1721 Covens and Mortier Map of the Bay of All Saints, Brazil

Sinus Omnium Sanctorum. - Main View

1721 Covens and Mortier Map of the Bay of All Saints, Brazil


The largest bay in Brazil and the second largest bay in the world.


Sinus Omnium Sanctorum.
  1721 (undated)     15.5 x 20 in (39.37 x 50.8 cm)     1 : 200000


This is a c. 1721 Covens and Mortier map of All Saints Bay or the Baía de Todo os Santos, and the city of Salvador, the 18th-century economic and political center of Portuguese Brazil.
A Closer Look
The map is derived from the Joan Blaeu map of 1662, with few changes. Coverage embraces the important Baía de Todos os Santos. Salvador, then the capital of Portuguese Brazil appears near the bay's mouth. Forts are identified in the vicinity of Salvador and multiple locations are named around the bay, likely villages with churches. Many of the bay's islands are labeled, including Itaoarica, the Ilha dos Frades, and the Ilha de Maré. An inset map of Salvador occupies the lower left with 18 locations alphabetically identified.
Originally called São Salvador da Bahia de Todos os Santos, Salvador is today the capital of the modern Brazilian state of Bahia. It was established by the Portuguese in 1549 as the first colonial capital of Brazil. To its strategic location on the northeastern coast, and shelterd deep water port, it became a hub for the export of sugar and import of slaves. As this map was being printed, Salvador was enjoying period of prolonged growth and prosperity and it is during this period that much of his renowned baroque architecture, today a UNESCO World Heritage Site, was constructed.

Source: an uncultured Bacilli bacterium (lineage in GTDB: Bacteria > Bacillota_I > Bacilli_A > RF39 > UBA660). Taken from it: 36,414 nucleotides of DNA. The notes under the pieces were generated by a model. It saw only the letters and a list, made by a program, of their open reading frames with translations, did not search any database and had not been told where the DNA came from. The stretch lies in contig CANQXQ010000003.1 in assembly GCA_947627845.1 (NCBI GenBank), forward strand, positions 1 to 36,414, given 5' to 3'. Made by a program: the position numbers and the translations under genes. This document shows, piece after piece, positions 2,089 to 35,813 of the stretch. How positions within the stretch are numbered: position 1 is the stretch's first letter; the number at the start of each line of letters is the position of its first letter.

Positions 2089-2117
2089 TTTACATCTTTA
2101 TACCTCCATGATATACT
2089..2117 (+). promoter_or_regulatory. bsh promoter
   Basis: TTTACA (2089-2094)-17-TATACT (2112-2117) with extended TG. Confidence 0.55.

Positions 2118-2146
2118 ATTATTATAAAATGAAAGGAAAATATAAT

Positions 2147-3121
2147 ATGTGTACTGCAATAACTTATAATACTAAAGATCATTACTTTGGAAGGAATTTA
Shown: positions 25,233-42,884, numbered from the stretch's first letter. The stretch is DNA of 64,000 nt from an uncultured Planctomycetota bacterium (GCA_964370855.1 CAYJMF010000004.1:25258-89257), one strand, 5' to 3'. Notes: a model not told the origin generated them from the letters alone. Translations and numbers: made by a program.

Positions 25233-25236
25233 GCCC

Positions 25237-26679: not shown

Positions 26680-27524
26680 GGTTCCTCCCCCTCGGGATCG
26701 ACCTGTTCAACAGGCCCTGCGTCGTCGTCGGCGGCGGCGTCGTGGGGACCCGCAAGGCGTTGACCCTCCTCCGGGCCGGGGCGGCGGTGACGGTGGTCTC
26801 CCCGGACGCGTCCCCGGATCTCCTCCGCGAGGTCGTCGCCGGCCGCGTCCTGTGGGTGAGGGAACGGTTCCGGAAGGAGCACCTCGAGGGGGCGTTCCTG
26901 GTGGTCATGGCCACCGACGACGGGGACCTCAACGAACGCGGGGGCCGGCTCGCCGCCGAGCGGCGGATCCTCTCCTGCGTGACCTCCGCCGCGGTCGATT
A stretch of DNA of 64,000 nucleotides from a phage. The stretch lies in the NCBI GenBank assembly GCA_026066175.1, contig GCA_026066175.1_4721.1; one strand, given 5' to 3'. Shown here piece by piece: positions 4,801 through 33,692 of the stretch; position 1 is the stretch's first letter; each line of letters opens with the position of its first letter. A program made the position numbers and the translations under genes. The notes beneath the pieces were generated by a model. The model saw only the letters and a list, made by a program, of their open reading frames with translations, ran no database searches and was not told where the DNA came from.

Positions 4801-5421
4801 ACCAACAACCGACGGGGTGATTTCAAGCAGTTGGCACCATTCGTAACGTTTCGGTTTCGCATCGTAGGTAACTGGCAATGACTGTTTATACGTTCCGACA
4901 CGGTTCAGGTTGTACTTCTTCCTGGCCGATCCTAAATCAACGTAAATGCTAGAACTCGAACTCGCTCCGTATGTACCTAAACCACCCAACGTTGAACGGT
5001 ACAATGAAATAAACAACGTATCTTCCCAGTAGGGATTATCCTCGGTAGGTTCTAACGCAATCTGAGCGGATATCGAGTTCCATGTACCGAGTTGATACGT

Publication History and Census
This map was published by Covens and Mortier c. 1721. We note two cataloged examples of this edition: Bibliothèque nationale de France and Harvard University.


Covens and Mortier (1721 - c. 1862) was an Amsterdam publishing firm, the successor to the extensive publishing empire built by Pierre Mortier (1661 - 1711). Covens and Mortier maps are often criticized as derivative - but this is not fully the case. Pierre Mortier lived in Paris from 1681 to 1685. There he established close relationships the the greatest French cartographers of the era, including De L'Isle and D'Anville. His business model was based upon leveraging Dutch printing technology and sophistication to co-publish state of the art French cartography. Upon Mortier's death in 1711 his firm was taken over by his son, Cornelius Mortier (1699 - 1783). Cornelius married the sister of Johannes Covens (1697 - 1774) in 1721 and, partnering with his brother in law, established the Covens and Mortier firm. Under the Covens and Mortier imprint, Cornelius and Johannes continued in Pierre's model of publishing the most up-to-date French works with permission. They quickly became one of the largest and most prolific Dutch publishing concerns of the 18th century. The firm and its successors published thousands of maps over a 120 year period from 1721 to the mid-1800s. During their long lifespan the Covens and Mortier firm published as Covens and Mortier (1721 - 1778), J. Covens and Son (1778 - 94) and Mortier, Covens and Son (1794 - c. 1862). More by this mapmaker...


Very good. Old color. Light wear along original centerfold.


Bibliothèque nationale de France, département Cartes et plans, GE D-13987. Harvard Map Collection MAP-LC G5562.A4 1721 .C6. Van de Krogt 9855:2.2.